ONE glance at this week’s fascinating El Classico and you know exactly where you want to see that level of competition, that win-at-all-costs mentality; a combustible derby that drives fans wild, Brazilians nuts... and forces special men like Jose Mourinho to stick his finger in Catalan eyes.
Bring it on at the next Soweto derby, I say. Quite possibly in the MTN8 final if Orlando Pirates see off Mamelodi Sundowns and Kaizer Chiefs outgun Ajax Cape Town over the two legs of the semi-finals kicking off this weekend.
When Barcelona edged Real Madrid 3-2 to win the Spanish Super Cup 5-4 on aggregate, the world looked on breathless. Scintillating football, two dynamite goals from the diminutive Lionel Messi, a red card for Marcello for scything down Cesc Fabregas on debut – all bathed in the implacable glow of hatred that erupts when two tribes go to war and football goes to Hollywood.
South Africa’s Premier League can offer exactly that. The parallels are all there. Just like La Liga, the local set-up offers only two real giants – trophy-grabbing Barcelona (Orlando Pirates) and frustrated also-rans Real Madrid (Kaizer Chiefs) with sides like Valencia (Ajax Cape Town), Villarreal (Mamelodi Sundowns) struggling to compete despite a lack of resources and, ultimately, a far smaller fan base.
Like Barcelona, Pirates are the people’s team, with a huge following and three trophies behind them, like Real Madrid, Kaizer Chiefs are the historical favourites who often appear to back by parastatal forces such is the desire for success – but despite vast spending they just can’t get one over on Pirates, as we saw at the recent Carling Black Label Cup Final, where Itumeleng Khune’s penalty gave the Buccaneers victory in a shoot-out.
If you brave the cold night air and gaze at the stars, legend has it you can still see Khune’s penalty orbiting the globe. Or so Irvin Khosa, the Piratical Iron Duke, would have us believe.
But come back to earth. Consider the further parallels between Spain’s La Liga and the Absa Premier. How about the third force? Those separatist Basques at Real Sociedad (Amazulu) and the isolated populist strongholds like Real Mallorca (Bloemfontein Celtic) and Zaragoza (Platinum Stars)... and the also rans in the big cities like Atletico Madrid (Moroka Swallows) and Getafe (Supersports United).
Essentially though, it is all about the two giants. They have the resources, the fan base, the sponsors, to push themselves way beyond the rest. Orlando Pirates and Kaizer Chiefs should be contenders for continental domination, they shouldn’t be skirmishing with the also-rans domestically.
With Benni McCarthy (an inflated version of Lionel Messi) back on home soil, the promise of an African Champions League becomes real if Bafana Bafana’s top scorer can just stay fit. Real Madrid fans (and Gary Bailey on Supersport) insist the same is true of Messi and Barca. One injury to the little one and all is lost.
Kaizer Chiefs, with Bernard Parker (a hard-working Cristiano Ronaldo) signed up and Lehlehonolo Majoro (a spikey-haired Kaka) urging them on, can look to the skills of custodian Itumeleng Khune (a superior Iker Casillas) to keep their challenge on line.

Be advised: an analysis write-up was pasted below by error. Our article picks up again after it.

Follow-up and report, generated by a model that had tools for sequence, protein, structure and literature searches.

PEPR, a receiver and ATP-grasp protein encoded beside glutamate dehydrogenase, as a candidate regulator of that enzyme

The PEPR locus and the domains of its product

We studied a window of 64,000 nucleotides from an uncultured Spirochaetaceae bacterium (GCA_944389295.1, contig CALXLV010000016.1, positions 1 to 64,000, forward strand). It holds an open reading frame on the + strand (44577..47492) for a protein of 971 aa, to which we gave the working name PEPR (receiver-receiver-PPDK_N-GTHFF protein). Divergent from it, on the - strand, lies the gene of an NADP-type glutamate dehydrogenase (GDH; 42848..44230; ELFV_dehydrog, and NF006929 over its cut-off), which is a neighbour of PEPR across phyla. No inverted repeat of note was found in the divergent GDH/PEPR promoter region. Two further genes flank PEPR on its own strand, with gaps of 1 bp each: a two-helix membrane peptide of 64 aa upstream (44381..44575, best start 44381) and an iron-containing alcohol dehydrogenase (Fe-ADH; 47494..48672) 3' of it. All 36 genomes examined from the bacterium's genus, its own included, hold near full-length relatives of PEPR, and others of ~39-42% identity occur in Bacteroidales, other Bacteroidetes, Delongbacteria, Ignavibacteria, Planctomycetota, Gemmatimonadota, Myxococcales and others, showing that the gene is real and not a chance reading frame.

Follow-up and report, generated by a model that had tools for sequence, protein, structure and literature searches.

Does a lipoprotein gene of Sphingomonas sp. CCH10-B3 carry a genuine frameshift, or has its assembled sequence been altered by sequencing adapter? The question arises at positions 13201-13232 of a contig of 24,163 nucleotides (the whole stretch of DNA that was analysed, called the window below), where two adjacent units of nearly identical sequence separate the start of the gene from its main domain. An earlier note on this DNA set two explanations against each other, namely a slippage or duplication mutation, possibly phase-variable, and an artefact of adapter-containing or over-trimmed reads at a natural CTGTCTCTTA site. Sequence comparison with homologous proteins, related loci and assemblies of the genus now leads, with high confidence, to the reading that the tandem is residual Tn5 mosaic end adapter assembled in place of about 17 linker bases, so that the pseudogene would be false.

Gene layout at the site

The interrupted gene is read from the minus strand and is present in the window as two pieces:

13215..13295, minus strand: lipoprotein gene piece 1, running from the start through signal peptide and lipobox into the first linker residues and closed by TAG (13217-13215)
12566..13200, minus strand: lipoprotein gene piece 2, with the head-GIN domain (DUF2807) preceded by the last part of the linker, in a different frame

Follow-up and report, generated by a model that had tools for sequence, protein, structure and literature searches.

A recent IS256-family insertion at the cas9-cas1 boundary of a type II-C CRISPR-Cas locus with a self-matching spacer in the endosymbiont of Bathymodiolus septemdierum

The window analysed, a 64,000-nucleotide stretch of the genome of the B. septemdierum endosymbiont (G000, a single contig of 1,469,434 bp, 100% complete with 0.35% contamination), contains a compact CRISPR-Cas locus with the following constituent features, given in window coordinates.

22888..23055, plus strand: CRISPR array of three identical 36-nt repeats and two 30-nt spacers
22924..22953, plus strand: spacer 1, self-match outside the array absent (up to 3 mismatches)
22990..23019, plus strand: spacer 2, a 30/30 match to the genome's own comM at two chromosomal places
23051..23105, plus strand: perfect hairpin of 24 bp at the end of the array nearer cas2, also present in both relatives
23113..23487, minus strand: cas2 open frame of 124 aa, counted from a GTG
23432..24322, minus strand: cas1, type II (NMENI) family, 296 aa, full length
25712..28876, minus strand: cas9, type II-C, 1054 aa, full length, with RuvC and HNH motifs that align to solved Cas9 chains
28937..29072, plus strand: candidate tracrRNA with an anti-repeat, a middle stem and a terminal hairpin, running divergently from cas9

Oh, we can dream. Saturday, September 10. The MTN8 final. Forget the Spanish Super Cup, this one’s worth R8million to the winners.
Imagine Siphiwe Tshabalala opens the scoring for Chiefs with a 30-yard cracker reminiscent of his World Cup opening effort against Mexico just over a year ago.
Pirates respond with a flurry of horrific challenge before McCarthy, making his long-awaited first start for the Buccaneers, bending home a 25-yard free-kick with Khune confounded just before half-time.
On the sidelines, Amakhosi boss Vladimir Vermezovic reverts to his Russian roots and sticks his finger firmly in the eye of Bucsalona’s Brazilian boss Julio Leal. In the ensuing riot, Chiefs owner Kaizer Motuang, with General Manager Bobby and player-son Junior in attendance, bashes the Iron Duke with marketing manager and daughter Jessica’s handbag.
Somehow peace is restored. Early in the second half, the resurgent Josta Dladla gets on the end of a Bernard Parker cross to volley brilliantly past Moneeb Josephs, just minutes after being scythed down. Dladla celebrates with blood running down his shins and, amid incredible scenes, Tinashe Nengomasha is red carded for showing an elaborate v-sign to Irvin Khosa in the stands.
Josephs, furious, throws his gloves away and dons an outfielders shirt, determined to make his presence felt.
And Pirates hit back, with Isaac Chansa levelling to complete the Zambian’s comeback from a worrying ankle injury.
It’s all too much. Extra-time looms. And then it’s McCarthy, too fat for West Ham, not fit enough for WC2010, breaking through the middle, he beats too many Chiefs and not enough Indians, and rams the winner into the top corner. Cue pandemonium.
In the zebra stripes, substitutes Mthokozisi Yende and Thomas Sweswe are then sent off as a mass brawl erupts but the jubilant Pirates, looking ahead to an African Champions League victory, ignore the angry Amakhosi fans to dance their victory jig.
The skull and crossbones flies high. The world is tuned in to witness a truly astonishing clash between South Africa’s Sowetan soccer giants. The global audience is unanimous in agreement: what a derby, right up there with Real v Barca, Celtic v Rangers, Man U v Man C. Phew.
Ah, we can dream. In fluent Spanish.
Saturday, 20 August 2011
Kaizer Chiefs vs. Ajax Cape Town 20h15 MTN05
Sunday, 21 August 2011
Orlando Pirates vs. Mamelodi Sundowns 15h00 MTN06
Saturday, 27 August 2011
Ajax Cape Town vs Kaizer Chiefs 20h15 MTN07
Cape Town Stadium
Sunday, 28 August 2011
Mamelodi Sundowns vs. Orlando Pirates 15h00 MTN08